Academic journal article Tolstoy Studies Journal

Leo Tolstoy from 1901-2010 in Two Leading English-Language Newspapers in India

Academic journal article Tolstoy Studies Journal

Leo Tolstoy from 1901-2010 in Two Leading English-Language Newspapers in India

Article excerpt

On May 30, 1901 The Hindu published its first lengthy editorial on Count Leo Tolstoy. It was followed by a personal letter to Tolstoy on June 13, 1901 from A. Ramaseshan, publicist and editor of the journal The Arya out of Madras. This seminal letter set the stage for a steady correspondence between Tolstoy and many Indians from different walks of life, the most prominent among them being M. K. Gandhi (1869-1948), who, as a political and ideological leader of India during the Indian Independence Movement, wrote to the Russian writer between 1909-1910.

Some of the essence of this continuous correspondence with Indian freedom fighters, religious thinkers, philosophers and the general public in Colonial India, was shared through newspaper columns. The surprisingly extensive coverage of Tolstoy's life and beliefs during those years shows that his voice and image were revered by the Indian reading public. His death was sincerely mourned; he has not been since forgotten. The following is a selection of archival materials from two Indian English-language newspapers and a weekly journal (published from one of the newspaper offices) that gives us a glimpse into the extraordinary interest the reading public took in Tolstoy and his work.

L. N. Tolstoy During His Lifetime (1901-1910)

The first significant mention of Tolstoy in The Hindu was made on April 1, 1901 under the heading "Leo Tolstoy." It reported the writer's formal excommunication by the Holy Synod of the Russian Orthodox Church. It also relayed the news of March 9 in St. Petersburg as issued by [TEXT NOT REPRODUCIBLE IN ASCII], a publication of the Holy Synod. Printed in a word-for-word translation, the report opened with the explanation that the circular on the heresies of Count Leo Tolstoy was issued in order to guard the children of the church from being led into moral corruption. It read briefly as follows:

   Count Leo Tolstoy, to the grief and horror of
   the whole Orthodox world, has by speech and
   writing increasingly striven to separate himself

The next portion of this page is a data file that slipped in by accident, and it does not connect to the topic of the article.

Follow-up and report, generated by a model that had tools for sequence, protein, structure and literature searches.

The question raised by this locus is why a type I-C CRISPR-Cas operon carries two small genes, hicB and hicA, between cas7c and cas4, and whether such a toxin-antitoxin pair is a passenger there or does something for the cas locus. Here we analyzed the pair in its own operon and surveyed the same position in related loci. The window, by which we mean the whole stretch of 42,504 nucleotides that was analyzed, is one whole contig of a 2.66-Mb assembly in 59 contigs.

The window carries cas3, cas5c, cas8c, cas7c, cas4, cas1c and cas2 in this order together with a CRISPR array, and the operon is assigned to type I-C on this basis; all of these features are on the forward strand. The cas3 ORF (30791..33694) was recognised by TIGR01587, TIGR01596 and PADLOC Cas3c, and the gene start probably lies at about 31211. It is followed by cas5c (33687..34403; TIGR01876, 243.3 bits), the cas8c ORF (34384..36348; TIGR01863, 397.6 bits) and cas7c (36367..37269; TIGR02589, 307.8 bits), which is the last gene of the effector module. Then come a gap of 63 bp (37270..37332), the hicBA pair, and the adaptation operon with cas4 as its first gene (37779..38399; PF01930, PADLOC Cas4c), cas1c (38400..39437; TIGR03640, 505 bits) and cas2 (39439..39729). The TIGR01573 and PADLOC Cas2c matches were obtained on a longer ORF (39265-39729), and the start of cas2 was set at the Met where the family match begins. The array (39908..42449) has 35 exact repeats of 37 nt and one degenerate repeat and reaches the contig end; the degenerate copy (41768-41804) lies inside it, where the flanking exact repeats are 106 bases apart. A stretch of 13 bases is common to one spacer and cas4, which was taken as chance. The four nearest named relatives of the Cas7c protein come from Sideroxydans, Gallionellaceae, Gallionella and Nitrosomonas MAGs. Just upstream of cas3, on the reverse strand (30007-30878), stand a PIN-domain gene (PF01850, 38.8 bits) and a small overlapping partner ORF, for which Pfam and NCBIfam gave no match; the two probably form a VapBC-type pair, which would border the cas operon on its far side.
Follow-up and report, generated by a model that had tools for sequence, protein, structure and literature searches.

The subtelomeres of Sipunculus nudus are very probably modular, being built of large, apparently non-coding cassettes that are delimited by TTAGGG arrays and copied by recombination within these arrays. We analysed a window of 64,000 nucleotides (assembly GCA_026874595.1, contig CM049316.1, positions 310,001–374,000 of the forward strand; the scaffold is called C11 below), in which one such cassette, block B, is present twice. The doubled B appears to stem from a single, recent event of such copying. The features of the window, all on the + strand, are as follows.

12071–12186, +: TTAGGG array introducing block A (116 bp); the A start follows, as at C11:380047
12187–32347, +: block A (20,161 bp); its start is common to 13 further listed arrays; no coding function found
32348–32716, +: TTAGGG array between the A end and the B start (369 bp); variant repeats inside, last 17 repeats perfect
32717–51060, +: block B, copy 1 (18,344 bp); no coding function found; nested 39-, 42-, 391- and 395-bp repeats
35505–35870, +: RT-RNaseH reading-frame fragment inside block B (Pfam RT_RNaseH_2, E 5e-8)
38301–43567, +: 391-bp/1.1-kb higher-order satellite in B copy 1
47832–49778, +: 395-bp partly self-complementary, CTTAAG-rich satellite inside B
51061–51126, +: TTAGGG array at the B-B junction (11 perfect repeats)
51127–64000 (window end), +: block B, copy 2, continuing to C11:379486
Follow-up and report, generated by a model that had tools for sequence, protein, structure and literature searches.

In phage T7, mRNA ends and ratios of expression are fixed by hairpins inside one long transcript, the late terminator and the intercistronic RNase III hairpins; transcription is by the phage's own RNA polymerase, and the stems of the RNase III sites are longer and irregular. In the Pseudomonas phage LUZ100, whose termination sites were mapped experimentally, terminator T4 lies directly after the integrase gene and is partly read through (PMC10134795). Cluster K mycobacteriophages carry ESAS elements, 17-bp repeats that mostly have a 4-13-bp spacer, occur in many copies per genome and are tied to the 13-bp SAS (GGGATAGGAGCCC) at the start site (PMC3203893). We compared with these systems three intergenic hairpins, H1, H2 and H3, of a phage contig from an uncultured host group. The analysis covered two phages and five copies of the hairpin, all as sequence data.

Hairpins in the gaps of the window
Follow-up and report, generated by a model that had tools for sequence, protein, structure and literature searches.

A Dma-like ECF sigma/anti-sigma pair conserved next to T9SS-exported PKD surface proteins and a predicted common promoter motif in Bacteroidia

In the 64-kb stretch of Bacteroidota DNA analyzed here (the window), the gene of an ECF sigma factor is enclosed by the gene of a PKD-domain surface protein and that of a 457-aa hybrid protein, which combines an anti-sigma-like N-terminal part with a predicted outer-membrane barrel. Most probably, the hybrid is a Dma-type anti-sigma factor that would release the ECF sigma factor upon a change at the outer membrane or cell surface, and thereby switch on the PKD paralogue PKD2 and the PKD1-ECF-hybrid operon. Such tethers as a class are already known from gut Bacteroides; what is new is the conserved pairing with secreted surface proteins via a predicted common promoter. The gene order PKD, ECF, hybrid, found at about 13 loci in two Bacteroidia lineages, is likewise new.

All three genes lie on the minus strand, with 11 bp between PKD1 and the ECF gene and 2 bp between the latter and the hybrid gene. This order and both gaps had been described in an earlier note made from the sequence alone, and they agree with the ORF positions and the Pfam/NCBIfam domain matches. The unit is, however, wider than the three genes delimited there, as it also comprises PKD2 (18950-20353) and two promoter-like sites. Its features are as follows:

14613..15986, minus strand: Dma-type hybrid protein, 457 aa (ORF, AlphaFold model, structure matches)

from all Communion with the Orthodox
   Church, and this not only clandestinely, but
   openly, to the knowledge of all persons. All
   attempts to dissuade him from this conduct
   have proved of no avail, and consequently the
   Orthodox Church no longer considers him as
   one of its members, and cannot regard him as
   such so long as he does not repent and become
   reconciled to the Church.

Following this reasoning, the newspaper reported that the Russian Orthodox Church hoped that Tolstoy would in due course acknowledge the truth and return to the Church. The news of his excommunication evoked a response in the Indian press and within two months there appeared a long article on the topic.

The issue of May 30, 1901 brought further attention to Tolstoy's excommunication and his firm stance against the Orthodox Church's interpretation of the Christian faith, emphasizing the power and strength that Tolstoy wielded in the world. It was among the first of a series of articles that followed in the print journalism of those times, where Tolstoy frequently emerged as more than a mere mortal, assuming a larger-than-life image.

On May 30, 1901 the editors of The Hindu published an article under the heading, "Count Leo Tolstoy on 'The Root of Evil.'" It began by recalling two well-known statesmen, Bismark and Gladstone, whose significance, despite the prophetic roles they had played, was restricted to their respective countries. By contrast, the editors presented Tolstoy as having influenced the whole of "modern Europe" and indeed the world, stating that

   there is one whose powerful personality, saintly
   life and ethical influence will leave a lasting
   mark on modern Europe. The philosophical
   and religious teachings of Leo Tolstoy are a
   refreshing feature of the otherwise dull,
   monotonous and lifeless history of modern
   European thought. … 
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